Draghi Loses Date with Destiny
08/29/2012 4:46 pm EST
His speech at Jackson Hole could have made a big impression on the current market rally. But canceling it leaves just one more chance to calm investor worries, and he's nearly out of bullets to boot, writes MoneyShow's Jim Jubak, also of Jubak's Picks.
No Mario Draghi speech at the Kansas City Fed’s Jackson Hole meeting this weekend. In fact, no president of the European Central Bank at all.
Draghi had been scheduled to speak on Saturday morning, but he has cancelled that appearance in order to stay home and prepare for the September 6 meeting of the central bank’s board of governors. Which has raised the stakes for that meeting—and increased the market’s nervousness.
One view, the pessimistic one, says that Draghi is staying home because German opposition has put his plan to lower interest rates for Italy and Spain at risk. The other view, the optimistic one, says that Draghi is staying home because he needs the time to put the finishing touches on a comprehensive plan to lower interest rates for Italy and Spain.
Either way, Draghi’s change of schedule has drawn attention to the September 6 meeting, and cast the event in either/or terms of disaster or triumph.
You can see why reading the possible outcomes in such starkly opposed terms might make the market uneasy, sending to the sidelines. (And yesterday and today’s action sure shows some investors taking profits in the riskier stocks that have moved ahead recently. Nokia (NOK) is a prime example.)
But the odds were—and remain—that the September 6 meeting wasn’t going to produce anything very dramatic to begin with. The biggest fixes that the bank has available—such as giving a banking license to the still...not...authorized permanent bailout fund—aren’t really within the bank’s power to deliver by next week. (The European Stability Mechanism is still waiting on German approval, and that hinges on a constitutional court decision that isn’t due until September 12.)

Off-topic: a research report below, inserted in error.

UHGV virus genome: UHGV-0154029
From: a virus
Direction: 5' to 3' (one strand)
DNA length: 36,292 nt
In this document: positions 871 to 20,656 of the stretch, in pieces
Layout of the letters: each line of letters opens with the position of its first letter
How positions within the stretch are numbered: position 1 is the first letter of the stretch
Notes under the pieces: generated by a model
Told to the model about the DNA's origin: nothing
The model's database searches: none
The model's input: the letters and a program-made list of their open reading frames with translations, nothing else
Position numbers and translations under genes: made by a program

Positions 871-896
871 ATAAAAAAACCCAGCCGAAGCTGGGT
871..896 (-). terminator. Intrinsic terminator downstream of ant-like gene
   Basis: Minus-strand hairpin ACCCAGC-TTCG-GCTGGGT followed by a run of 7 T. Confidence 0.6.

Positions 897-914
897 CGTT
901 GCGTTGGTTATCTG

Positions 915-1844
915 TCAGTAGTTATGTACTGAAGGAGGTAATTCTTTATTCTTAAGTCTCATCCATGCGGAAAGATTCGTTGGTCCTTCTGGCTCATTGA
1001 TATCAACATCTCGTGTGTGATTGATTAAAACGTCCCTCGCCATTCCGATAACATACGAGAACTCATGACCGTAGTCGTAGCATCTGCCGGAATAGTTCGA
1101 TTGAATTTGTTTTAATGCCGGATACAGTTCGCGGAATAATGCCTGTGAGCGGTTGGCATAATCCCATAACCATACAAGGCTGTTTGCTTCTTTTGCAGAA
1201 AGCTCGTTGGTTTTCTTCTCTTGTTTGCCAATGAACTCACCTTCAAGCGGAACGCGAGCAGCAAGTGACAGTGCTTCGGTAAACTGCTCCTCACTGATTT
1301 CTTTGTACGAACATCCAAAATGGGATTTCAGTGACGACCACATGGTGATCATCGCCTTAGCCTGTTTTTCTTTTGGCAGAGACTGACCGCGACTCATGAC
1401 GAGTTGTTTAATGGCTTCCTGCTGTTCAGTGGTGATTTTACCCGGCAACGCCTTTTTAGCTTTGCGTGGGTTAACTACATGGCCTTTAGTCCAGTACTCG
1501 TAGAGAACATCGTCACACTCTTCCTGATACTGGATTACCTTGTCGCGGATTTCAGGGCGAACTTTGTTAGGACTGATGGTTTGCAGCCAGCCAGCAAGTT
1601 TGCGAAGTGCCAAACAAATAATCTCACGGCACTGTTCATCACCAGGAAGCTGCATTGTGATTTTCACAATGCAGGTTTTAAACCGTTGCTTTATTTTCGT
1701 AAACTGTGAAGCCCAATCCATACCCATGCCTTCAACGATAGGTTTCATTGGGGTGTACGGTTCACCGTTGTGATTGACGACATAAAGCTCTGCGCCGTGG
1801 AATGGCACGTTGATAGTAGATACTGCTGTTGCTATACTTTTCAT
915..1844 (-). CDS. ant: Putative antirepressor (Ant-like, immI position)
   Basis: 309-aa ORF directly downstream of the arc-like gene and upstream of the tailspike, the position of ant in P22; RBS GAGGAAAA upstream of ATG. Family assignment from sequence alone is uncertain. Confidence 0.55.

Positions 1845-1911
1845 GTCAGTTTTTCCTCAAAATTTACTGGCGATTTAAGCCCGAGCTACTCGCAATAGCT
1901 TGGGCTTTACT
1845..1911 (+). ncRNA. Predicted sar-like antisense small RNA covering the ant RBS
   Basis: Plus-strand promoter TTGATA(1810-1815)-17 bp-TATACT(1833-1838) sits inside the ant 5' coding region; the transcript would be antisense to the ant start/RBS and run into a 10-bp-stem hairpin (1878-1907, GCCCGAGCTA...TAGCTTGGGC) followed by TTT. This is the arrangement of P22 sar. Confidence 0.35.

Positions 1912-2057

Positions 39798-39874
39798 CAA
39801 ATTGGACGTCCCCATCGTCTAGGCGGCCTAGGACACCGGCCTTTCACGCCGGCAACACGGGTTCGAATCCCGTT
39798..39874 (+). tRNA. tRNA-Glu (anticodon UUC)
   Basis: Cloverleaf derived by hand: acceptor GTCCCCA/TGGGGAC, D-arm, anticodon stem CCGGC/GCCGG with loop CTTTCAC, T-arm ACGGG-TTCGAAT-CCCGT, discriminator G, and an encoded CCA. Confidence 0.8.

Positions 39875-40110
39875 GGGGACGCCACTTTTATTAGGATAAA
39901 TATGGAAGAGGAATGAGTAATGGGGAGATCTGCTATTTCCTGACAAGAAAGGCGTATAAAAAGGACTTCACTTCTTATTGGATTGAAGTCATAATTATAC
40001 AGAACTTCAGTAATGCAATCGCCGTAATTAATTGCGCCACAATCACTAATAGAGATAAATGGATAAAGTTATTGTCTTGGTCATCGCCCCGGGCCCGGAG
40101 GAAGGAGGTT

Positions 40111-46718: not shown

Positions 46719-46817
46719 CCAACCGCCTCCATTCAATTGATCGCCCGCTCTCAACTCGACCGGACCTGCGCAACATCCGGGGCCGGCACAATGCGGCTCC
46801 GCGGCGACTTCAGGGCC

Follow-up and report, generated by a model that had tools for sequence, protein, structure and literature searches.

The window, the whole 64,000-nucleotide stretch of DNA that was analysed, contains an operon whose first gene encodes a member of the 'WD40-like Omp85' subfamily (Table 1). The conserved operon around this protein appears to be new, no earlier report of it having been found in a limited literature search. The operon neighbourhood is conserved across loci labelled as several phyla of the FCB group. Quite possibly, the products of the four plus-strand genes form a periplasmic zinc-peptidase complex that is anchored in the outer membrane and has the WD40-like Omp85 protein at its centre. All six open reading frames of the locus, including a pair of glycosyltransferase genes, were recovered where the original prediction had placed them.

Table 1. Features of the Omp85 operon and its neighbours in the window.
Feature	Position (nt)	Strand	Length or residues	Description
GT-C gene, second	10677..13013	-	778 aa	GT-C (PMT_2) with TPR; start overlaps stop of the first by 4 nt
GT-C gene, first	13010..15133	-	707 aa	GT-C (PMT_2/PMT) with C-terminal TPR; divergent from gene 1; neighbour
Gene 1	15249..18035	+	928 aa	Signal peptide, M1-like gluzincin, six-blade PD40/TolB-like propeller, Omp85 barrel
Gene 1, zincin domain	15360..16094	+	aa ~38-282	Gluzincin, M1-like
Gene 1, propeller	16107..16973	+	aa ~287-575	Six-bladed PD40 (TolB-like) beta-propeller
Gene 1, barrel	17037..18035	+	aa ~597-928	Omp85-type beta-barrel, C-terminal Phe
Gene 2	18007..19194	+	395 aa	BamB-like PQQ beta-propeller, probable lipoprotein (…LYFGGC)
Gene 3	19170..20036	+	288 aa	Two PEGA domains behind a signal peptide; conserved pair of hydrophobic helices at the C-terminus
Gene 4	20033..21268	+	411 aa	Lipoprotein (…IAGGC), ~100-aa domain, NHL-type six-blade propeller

Other big market-moving fixes—such as a program that would restart significant purchases of Italian and Spanish government debt by the European Central Bank—have been pushed off into the future by Draghi himself, since he said that the bank would only move after a formal request from the Italian and Spanish governments and after action from the temporary and permanent bailout funds.
In other words, the meeting isn’t likely to produce anything very dramatic. A positive result would be great clarity and strong agreement by the bank’s board of governors on the conditions for central bank action at some point in the future. A negative result would be continued and public opposition from Germany, Finland, and the Netherlands to a definite plan on any time scale that would involve bond buying by the central bank.
In other words, the September 6 meeting isn’t likely to produce anything very clear-cut one way or the other. The situation after the meeting is likely to be just as murky and undecided as it is now. That hasn’t changed.
What has changed is the degree of the market’s anticipation that something dramatic will happen on Thursday. And that makes it especially hard to tell how the market will react to whatever the September 6 meeting actually produces.
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